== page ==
This is a guide covering everything you need to know about leading in typography.
Let’s dive in!
What is Leading in Typography?
Leading is a distance between two lines of text, and it’s important because it helps to polish your content piece and make it more successful. Specifically, it is the line spacing in the vertical direction. It’s also called the distance that a line has from another line vertically.
Leading is a term you’ll often hear in typography along with kerning and line-height. However, to better understand its use, you need to know the difference between leading and kerning and leading and line-height.
Leading is a great tool to make your content stand out and engage readers more since it improves legibility.
While you usually don’t need exact measurements in leading, there is still a way to calculate leading based on the font size of your text.
When we write a line with words, there is a baseline where all the letters and characters sit.
The leading in typography starts from this baseline.
For example, in the above line, all the letters sit on an invisible baseline.
However, some letters like t and g fall above or below the invisible lines that hold the other letters. One of these lines is in the baseline, and the other is above the letters, but it’s not a baseline.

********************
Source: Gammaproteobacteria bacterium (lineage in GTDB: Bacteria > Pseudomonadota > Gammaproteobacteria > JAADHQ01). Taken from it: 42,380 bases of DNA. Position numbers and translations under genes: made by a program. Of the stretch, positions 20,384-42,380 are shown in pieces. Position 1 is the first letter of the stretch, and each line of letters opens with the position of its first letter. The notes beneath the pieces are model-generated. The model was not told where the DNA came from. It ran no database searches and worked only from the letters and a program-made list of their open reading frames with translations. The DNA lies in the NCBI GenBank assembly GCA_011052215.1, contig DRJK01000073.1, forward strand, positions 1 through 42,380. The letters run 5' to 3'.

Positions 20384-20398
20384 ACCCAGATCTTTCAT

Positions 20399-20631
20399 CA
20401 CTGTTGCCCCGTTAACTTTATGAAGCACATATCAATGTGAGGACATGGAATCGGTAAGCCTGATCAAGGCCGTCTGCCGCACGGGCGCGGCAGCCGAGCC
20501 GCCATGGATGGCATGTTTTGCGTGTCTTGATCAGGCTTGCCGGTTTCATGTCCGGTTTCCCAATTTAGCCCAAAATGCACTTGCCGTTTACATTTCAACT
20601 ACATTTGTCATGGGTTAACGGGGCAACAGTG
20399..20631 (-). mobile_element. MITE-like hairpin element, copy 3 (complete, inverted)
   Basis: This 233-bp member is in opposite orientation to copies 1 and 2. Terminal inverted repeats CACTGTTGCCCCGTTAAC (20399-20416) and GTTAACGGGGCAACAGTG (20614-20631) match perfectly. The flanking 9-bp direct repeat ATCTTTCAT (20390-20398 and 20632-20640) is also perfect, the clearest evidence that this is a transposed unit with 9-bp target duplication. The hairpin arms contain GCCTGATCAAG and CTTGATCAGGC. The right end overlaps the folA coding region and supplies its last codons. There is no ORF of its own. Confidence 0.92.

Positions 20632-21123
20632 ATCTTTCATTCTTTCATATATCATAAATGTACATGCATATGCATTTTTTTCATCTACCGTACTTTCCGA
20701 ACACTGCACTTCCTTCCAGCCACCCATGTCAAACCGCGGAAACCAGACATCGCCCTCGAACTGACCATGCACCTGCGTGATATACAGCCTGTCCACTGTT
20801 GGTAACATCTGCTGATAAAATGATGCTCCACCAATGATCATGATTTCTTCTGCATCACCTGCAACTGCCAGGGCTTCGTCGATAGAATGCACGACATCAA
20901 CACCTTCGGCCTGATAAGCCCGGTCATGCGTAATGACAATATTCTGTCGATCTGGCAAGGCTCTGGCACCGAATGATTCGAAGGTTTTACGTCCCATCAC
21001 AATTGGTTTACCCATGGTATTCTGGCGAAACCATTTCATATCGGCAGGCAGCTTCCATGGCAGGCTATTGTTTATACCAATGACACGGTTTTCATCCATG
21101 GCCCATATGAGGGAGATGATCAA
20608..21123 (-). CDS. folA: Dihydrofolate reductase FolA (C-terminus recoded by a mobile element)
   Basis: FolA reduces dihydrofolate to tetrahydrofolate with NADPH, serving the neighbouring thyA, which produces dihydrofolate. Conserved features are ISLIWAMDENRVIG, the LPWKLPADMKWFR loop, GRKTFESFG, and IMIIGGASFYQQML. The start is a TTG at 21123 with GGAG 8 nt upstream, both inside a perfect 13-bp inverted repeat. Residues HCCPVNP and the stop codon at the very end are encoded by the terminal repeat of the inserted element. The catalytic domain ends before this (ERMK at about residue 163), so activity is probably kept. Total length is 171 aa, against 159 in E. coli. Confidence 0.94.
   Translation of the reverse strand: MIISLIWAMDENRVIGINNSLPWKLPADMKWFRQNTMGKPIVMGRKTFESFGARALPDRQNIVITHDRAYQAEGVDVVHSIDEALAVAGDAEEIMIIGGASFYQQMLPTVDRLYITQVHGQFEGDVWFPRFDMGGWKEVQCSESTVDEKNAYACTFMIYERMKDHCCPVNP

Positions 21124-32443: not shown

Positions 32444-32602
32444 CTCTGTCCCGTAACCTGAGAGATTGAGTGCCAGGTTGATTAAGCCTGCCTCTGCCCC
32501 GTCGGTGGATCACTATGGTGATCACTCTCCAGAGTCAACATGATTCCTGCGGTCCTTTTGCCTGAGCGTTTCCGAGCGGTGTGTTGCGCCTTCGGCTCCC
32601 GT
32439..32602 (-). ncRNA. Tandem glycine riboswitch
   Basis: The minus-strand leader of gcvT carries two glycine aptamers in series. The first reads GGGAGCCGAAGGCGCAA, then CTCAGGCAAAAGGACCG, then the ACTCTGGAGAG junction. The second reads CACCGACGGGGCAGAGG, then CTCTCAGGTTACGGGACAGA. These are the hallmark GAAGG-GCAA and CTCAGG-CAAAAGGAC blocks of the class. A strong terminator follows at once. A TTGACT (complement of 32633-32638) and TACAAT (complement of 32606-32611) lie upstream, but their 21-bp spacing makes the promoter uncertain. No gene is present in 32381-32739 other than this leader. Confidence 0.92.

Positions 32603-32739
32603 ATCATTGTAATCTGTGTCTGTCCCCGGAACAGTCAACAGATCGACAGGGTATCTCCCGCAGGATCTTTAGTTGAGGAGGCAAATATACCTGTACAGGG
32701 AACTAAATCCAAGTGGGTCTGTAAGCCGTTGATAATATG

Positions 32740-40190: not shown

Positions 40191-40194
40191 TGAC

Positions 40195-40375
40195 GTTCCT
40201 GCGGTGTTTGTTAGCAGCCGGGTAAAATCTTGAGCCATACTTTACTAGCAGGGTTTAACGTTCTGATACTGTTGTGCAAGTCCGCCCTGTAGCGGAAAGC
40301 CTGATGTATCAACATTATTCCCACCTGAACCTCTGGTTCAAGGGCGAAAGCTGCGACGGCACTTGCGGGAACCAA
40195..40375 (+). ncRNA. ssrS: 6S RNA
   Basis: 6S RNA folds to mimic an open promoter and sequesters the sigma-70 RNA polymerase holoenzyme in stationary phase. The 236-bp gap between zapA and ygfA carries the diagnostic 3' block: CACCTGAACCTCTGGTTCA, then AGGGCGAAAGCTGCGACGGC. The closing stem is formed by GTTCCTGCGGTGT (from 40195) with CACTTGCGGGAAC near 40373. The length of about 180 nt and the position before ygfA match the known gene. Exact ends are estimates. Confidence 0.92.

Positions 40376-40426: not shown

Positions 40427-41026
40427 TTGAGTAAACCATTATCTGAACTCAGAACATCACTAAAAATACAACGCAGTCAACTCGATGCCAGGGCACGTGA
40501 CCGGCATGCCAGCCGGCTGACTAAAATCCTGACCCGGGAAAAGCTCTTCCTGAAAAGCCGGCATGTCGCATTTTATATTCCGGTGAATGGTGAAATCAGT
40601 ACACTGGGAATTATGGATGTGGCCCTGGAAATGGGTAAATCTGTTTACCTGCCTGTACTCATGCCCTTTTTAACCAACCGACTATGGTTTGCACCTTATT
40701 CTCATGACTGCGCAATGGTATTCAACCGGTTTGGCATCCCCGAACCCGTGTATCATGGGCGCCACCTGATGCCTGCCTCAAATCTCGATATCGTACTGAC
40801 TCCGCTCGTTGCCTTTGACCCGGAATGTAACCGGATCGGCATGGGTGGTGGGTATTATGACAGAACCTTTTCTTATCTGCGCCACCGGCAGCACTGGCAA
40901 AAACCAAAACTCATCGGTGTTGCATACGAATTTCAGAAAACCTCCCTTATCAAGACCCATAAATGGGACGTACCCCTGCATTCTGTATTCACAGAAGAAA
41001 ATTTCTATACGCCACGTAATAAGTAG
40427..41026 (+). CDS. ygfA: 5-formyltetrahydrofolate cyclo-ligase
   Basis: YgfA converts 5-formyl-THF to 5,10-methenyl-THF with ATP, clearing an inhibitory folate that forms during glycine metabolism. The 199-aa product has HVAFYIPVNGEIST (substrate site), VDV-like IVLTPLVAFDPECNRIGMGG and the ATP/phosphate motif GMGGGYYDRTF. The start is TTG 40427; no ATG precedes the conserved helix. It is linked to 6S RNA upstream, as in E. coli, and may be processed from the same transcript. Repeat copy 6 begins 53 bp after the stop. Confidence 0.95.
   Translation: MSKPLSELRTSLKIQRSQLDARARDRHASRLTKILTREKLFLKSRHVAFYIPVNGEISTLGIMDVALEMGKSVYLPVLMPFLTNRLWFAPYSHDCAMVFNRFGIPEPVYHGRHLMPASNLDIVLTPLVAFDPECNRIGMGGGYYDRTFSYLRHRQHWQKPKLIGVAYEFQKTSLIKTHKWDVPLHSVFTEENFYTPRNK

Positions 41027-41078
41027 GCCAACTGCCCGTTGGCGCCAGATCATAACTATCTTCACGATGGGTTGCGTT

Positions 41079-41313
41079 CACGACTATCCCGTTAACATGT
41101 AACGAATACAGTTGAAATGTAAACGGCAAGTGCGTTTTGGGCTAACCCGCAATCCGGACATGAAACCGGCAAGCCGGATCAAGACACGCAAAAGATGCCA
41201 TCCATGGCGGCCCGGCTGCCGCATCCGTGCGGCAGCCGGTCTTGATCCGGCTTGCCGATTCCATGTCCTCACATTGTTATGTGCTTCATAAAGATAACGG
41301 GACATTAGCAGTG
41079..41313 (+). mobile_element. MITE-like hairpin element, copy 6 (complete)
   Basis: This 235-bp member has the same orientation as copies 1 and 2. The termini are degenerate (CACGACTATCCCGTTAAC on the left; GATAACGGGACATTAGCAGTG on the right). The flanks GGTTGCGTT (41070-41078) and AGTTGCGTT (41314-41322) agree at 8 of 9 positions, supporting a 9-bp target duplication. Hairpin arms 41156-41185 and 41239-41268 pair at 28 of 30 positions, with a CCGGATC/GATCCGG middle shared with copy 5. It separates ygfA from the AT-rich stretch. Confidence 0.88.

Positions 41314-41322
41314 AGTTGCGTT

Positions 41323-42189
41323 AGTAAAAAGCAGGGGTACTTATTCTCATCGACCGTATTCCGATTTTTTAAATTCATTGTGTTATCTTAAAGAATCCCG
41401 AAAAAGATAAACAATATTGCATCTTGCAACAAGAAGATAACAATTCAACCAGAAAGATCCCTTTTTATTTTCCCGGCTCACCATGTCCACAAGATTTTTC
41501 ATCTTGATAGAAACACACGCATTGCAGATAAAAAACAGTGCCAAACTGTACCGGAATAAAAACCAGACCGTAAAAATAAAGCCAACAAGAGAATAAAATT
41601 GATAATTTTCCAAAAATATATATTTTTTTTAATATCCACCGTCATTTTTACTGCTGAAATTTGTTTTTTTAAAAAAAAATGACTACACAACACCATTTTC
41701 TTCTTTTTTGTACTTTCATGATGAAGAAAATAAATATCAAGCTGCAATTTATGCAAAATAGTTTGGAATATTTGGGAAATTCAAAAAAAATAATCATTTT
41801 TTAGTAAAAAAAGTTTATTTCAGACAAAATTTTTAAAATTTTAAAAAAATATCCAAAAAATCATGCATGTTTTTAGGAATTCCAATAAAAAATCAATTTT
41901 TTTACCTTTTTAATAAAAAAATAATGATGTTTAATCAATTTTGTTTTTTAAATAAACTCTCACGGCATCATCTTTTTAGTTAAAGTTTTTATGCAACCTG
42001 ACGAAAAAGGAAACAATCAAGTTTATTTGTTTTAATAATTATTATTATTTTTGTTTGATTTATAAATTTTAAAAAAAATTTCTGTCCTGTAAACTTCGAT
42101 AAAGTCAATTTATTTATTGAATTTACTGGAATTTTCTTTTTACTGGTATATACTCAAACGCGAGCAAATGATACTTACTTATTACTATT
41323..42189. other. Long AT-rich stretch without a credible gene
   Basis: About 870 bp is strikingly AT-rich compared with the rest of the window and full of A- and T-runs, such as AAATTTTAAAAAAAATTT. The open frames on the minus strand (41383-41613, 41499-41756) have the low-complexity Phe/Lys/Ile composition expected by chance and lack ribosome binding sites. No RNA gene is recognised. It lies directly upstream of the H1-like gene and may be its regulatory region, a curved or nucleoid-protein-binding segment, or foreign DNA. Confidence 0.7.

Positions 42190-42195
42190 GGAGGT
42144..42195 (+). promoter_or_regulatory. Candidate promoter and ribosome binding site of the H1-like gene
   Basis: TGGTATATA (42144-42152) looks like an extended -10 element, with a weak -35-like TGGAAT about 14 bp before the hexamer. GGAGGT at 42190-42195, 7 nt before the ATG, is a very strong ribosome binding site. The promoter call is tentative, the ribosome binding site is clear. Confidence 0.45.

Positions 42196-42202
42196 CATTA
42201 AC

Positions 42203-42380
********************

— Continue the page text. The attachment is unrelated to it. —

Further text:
Instead, it’s the x-height – height of lower-case letters.
For example, in abcdefgh, there is a base starting below a, not g, and the x-height is above a, not for h. In the example, g is called a descender – letters that have a part that falls below the baseline – and f and h are ascenders, whose parts go above the x-height.
These ascenders and descenders need to be taken into consideration when we calculate leading in typography.
The correct use of leading helps make the text more readable, especially on digital media, making the project look more polished and professional.
Why is Leading Important?
Leading in typography is essential because it can help to make the text more legible and easier to read.
However, the lines may overlap if the leading is too short, and the text will become tangled.
In the same way, if the leading is too much, the lines may look too far apart – too much space will be left unfilled, which isn’t good visually. Both of these are extremes detract readers from your work.
The success of your work depends on the leading, too, along with font, color, and size.
In software like MS Word, the default leading is usually fine, but in web pages, it’s usually best to increase it since, on the screen, tight spacing can irritate your readers’ eyes.